The wakes week is a holiday period in parts of England and Scotland. Originally a religious celebration or feast, the tradition of the wakes week developed into a secular holiday, particularly in North West England during the Industrial Revolution. In Scotland each city has a "trades fortnight": two weeks in the summer when tradesmen take their holidays. Although a strong tradition during the 19th and 20th centuries, the observance of the holiday has almost disappeared in recent times due to the decline of the manufacturing industries in the United Kingdom and the standardisation of school holidays across England.
1 History 2 Present day 3 See also 4 References 5 External links
In 601 AD
Pope Gregory I
When, therefore, Almighty God shall bring you to the most reverend man our brother bishop, St Augustine, tell him what I have, upon mature deliberation on the affair of the English, thought of; namely, that the temples of the idols in that nation ought not to be destroyed. Let holy water be made, and sprinkled in the said temples; let altars be erected, and let relics be deposited in them. For since those temples are built, it is requisite that they be converted from the worship of the devils to the service of the true God; that the nation, not seeing those temples destroyed, may remove error from their hearts, and knowing and adoring the true God, may the more familiarly resort to the same places to which they have been accustomed. And because they are wont to sacrifice many oxen in honour of the devils, let them celebrate a religious and solemn festival, not slaughtering the beasts for devils, but to be consumed by themselves, to the praise of God...
Every church at its consecration was given the name of a patron saint,
and either the day of its consecration or the saint's feast day became
the church's festival. Church services began at sunset on Saturday and
the night of prayer was called a vigil, eve or, due to the late hour
"wake", from the
Charabancs picking up passengers in Bury,
There is a merry, happy time, To grace withal this simple rhyme: There is jovial, joyous hour, Of mirth and jollity in store: The Wakes! The Wakes! The jocund wakes! My wandering memory now forsakes The present busy scene of things, Erratic upon Fancy's wings, For olden times, with garlands crown'd And rush-carts green on many a mound. In hamlets bearing a great name, The first in astronomic fame. — From The Village Festival by Droylsden poet Elijah Ridings (1802–1872).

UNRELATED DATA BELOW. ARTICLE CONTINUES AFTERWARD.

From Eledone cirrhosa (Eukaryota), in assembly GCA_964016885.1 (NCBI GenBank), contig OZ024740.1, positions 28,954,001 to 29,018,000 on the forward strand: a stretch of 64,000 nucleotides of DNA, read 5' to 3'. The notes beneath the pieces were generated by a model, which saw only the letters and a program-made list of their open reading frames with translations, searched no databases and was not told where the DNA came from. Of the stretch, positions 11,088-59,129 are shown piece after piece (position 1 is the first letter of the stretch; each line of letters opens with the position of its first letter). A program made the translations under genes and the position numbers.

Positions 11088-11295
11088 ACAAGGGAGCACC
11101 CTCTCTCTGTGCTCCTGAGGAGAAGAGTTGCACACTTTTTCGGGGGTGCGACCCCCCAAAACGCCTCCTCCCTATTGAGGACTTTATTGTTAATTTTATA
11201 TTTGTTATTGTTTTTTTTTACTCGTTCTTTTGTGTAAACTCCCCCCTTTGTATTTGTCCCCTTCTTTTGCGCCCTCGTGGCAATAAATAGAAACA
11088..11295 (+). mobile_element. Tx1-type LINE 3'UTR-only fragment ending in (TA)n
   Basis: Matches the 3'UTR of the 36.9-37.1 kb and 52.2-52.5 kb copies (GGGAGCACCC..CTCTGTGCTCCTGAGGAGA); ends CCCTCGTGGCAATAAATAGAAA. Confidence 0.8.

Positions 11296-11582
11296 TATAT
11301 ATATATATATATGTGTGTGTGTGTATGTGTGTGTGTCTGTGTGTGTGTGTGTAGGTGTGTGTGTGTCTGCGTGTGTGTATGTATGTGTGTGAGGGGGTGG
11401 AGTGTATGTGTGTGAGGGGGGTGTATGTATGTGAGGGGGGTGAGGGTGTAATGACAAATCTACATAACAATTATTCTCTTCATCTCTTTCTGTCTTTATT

Present day The tradition has now disappeared in most of the UK due to the decline of traditional manufacturing industries and schools objecting to the holidays at crucial exam times. It was common for local authorities to allocate a one-week school holiday to coincide with wakes week in lieu of holiday time elsewhere in the year but schools began to discontinue the wakes week holiday after the introduction of the National Curriculum and the standardisation of school holidays across England. Councils no longer have a statutory power to set dates for public holidays following the introduction of the Employment Act 1989 and the Local Government etc. (Scotland) Act 1994. See also
^ a b Harland 1873, pp. 123–124 ^ Barton 2005, p. 74 ^ Barton 2005, p. 75 ^ a b c Fowler 2003, p. 63 ^ Walton 1983, p. 80 ^ Barton 2005, p. 77 ^ McDonald, Bill & Karen (2002). "Droylsden Poets". The McDonal family homepage. Retrieved 17 April 2010. ^ Barker, Janice (22 June 2009). "Oh, Wakes a week it was". Oldham Evening Chronicle. Chronicle Online. Retrieved 30 June 2013. ^ "Final Wakes Week marks end of an era" Craven Herald & Pioneer article ^ "Public holidays". Perth and Kinross Council. Retrieved 17 January 2014.
Barton, Susan (2005), Working-class organisations and popular tourism,
1840–1970, Manchester: Manchester University Press,
Fowler, Alan (2003),
"Wake, a holiday festival". The American Cyclop